Then there are issue ad groups which raise and spend unlimited funds, and do not register or disclose their spending. However, they are barred from urging voters to support or oppose a candidate.This Alternet article also mentions the Campaign keeping track of Americans for Prosperity's "issue ads". Some of their expenditure could have been this "bus tour" thing, though. Hotline's analysis mentions Wisconsin Manufacturers and Commerce, but not Americans for Prosperity or the Center for Union Facts. The other television advertising analyses mention some of these other "alphabet soup" groups, but not Americans for Prosperity. Of course, one group might be making the expenditure through another--who the hell knows?
The Campaign for Wisconsin Democracy gathers purchasing data from media outlets, and estimates about $8.5 million in issue ads have been bought during the recall.
The right-wing groups Americans for Prosperity and Wisconsin Manufacturers and Commerce, known as “Wisconsin’s Business Voice,” and the anti-union Center for Union Facts have made roughly 75 percent of those purchases. Greater Wisconsin has spent about $2 million, according to McCabe.
So far, despite the incomplete information, I think everything points to the total spending ratio being somewhere around 2 or 3. Not 7, not 8, not 9, not 10.
Now, is it impossible to win when you're challenging an incumbent who (along with their party groups) is outspending you and your party groups by a 5:2 ratio or so? Is that the kind of spending advantage that only Koch-backed Republicans can have?
Not at all! Let's look back at this roundup I did of 2010 House races using OpenSecrets. Democratic incumbents Patrick Murphy, Alan Grayson, and Michael McMahon all lost with fairly similar spending ratios:
PA-08: Democratic incumbent Patrick Murphy lost by 8 points to Republican Mike Fitzpatrick, but he had a big spending advantage. He spent $4,287,244 from his own campaign to Fitzpatrick's $2,062,733. Democrats had a big edge in outside direct spending as well, with $472,146 on the Republican side to $2,692,489 on the Democratic side. $354,963 of that was from the NRCC, meaning only 4.6% of Republican direct spending here came from outside sources. The Chamber of Commerce had $170,000 in indirect expenditures here, and there was a bit from Americans for Prosperity.Now, why is it particularly silly for people to simultaneously be decrying Walker's "seven-to-one spending advantage" while also blasting "Citizens United"? Because "Citizens United", and the various rulings that followed, are all about outside spending and independent expenditures--donation limits to campaigns themselves, as far as I know, have been left untouched by all of that.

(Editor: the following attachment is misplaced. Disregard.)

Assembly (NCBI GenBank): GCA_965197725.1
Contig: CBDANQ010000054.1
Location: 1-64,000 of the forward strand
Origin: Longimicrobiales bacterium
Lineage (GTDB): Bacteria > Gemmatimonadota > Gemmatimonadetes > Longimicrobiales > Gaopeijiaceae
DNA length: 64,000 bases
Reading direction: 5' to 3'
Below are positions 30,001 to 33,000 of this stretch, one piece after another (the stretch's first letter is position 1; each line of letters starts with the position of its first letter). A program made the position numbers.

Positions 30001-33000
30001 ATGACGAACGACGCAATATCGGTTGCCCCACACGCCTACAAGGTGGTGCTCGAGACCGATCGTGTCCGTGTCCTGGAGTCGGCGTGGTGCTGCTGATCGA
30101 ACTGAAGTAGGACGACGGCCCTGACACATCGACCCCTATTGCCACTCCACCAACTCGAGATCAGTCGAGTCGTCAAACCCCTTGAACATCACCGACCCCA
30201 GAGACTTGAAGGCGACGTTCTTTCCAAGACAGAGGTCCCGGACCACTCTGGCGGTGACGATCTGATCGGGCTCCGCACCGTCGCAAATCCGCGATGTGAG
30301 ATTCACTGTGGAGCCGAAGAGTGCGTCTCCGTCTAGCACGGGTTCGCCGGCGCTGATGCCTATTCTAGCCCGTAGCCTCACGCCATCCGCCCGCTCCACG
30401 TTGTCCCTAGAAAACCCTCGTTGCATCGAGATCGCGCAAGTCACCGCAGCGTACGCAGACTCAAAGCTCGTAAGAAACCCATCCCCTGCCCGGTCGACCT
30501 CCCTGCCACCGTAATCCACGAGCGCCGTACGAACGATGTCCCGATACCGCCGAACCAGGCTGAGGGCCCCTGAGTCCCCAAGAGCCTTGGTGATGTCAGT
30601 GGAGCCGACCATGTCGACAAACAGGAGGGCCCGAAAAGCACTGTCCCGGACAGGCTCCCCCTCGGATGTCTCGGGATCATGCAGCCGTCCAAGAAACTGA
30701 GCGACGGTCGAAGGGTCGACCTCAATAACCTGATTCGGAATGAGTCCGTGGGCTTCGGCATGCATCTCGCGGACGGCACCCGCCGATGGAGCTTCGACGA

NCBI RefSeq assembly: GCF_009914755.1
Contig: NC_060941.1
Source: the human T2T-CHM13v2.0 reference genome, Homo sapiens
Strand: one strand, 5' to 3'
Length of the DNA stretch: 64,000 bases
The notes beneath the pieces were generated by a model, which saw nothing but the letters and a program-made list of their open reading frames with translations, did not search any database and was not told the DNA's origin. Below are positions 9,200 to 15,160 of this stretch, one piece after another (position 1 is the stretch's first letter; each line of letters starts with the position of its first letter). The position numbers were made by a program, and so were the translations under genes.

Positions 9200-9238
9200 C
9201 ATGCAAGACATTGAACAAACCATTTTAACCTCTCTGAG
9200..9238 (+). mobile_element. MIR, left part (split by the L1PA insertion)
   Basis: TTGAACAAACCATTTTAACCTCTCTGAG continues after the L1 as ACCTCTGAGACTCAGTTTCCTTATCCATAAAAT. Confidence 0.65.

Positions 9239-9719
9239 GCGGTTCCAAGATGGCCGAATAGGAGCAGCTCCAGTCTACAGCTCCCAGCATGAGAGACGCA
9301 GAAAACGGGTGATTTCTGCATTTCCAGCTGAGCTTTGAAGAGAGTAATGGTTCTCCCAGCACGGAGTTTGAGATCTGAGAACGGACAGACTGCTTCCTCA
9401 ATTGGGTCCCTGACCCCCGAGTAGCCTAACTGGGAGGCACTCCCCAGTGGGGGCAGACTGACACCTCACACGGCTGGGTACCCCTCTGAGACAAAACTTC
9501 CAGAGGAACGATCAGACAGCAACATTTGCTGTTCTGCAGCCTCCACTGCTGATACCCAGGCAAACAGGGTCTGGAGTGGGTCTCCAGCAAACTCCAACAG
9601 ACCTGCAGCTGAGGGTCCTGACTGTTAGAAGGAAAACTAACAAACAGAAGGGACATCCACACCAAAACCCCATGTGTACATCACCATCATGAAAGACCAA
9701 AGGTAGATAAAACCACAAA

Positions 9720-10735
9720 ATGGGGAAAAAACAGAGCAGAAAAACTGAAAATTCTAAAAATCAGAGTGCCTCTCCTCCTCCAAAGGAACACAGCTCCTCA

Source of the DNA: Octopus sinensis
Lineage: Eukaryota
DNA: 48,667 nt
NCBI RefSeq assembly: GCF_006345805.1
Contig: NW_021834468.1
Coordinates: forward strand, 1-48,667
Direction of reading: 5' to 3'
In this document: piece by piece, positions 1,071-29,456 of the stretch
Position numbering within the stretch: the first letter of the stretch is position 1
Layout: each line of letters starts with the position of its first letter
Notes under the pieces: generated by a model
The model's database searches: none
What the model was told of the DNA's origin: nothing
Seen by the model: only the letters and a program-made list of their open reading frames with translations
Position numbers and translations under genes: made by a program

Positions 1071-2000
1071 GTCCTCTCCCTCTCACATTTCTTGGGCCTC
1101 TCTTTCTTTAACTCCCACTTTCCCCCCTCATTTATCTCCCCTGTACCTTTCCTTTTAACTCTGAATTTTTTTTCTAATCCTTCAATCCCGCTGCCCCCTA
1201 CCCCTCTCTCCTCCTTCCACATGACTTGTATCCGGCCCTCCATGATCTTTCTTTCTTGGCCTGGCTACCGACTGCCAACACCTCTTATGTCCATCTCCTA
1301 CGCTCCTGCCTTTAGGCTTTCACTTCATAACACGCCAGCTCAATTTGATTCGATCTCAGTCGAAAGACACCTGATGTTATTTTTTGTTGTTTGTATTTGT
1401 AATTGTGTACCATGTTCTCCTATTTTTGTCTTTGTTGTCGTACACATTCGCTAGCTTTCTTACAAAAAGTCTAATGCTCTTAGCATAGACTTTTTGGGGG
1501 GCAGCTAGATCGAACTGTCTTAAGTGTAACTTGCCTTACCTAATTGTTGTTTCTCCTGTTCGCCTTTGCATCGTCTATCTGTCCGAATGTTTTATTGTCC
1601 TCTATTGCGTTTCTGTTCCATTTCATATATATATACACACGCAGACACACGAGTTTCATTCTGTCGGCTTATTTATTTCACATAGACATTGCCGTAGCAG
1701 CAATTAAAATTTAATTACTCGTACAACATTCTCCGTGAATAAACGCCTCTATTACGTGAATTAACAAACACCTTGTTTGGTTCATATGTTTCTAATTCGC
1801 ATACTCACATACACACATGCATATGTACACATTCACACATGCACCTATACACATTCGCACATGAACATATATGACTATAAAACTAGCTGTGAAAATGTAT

FL-08: Democratic incumbent Alan Grayson turned yet another spending advantage into yet another landslide defeat to Republican Daniel Webster. Grayson spent a whopping $5,459,812 from his own campaign to only $1,756,775 from Webster's. There was $687,199 in outside direct spending on the Republican side and $247,455 on the Democratic side, but $593,230 of that was from the NRCC, meaning only 3.8% of Republican direct spending here came from outside sources. There was also $250,000 in indirect expenditures here from the Chamber of Commerce, and some other minor indirect expenditures.
NY-13: Democrat Michael McMahon lost narrowly to Republican Mike Grimm, but McMahon spent $2,897,473 from his own campaign to only $1,249,139 from Grimm's. Not much outside direct spending in this race, with $89,318 on the Republican side and $47,988 on the Democratic side--with $85,000 of that from the NRCC, that means that only 0.3% of Republican direct spending here came from outside of Grimm's campaign or the NRCC. There were rather small indirect expenditures from Americans for Prosperity and the American Future Fund, with the latter spending $47,176.
Full disclosure: These arguments aren't original to me. In fact, lots of people are making them! But, mostly, not DailyKos people. I can't find a diary mentioning this stuff, although please let me know if there is one.
But: Here's a couple of conservative Atlantic comments that reminded me about this yesterday, one of which linked to this thing throwing together labor spending for different races, which I don't think is the right idea, and here's an, ugh, similar blog post on hotair.com, and a similar point on Outside the Beltway which was linked to by Andrew Sullivan, and which itself linked to this WaPo graphic, and here's a similar point about C.U. on American Thinker, and a similar point about C.U. on the Washington Examiner's blog, albeit one I think is a little incomplete. And there was a similar argument about the spending ratio on Big Journalism, but I'll be damned if I link to them.
But you don't have to click those, if you don't want to! You can read my diary instead, which I mostly wrote before reading most of those.
And this ties back to my initial point:
No one's happier when Democrats throw around false or incomplete information than Republicans are.
If anyone has a link to a comprehensive and well-sourced Wisconsin spending analysis that contradicts the numbers above, or even one that verifies the Wisconsin Democracy Campaign's numbers, then I'd be happy to correct or update this diary, of course. I've spent a while looking, and I can't find any others.
(My emphases throughout.)
Tue Jun 12, 2012 at 11:49 AM PT: I should clarify one of the issues here, which is how to classify Wisconsin for Falk's spending. Much of their advertising seemed to indeed include some anti-Walker messaging, but of course it was to promote Falk, not Barrett. On the other hand, a lot of it probably aired fairly close to the general election, since the primary was only a month before.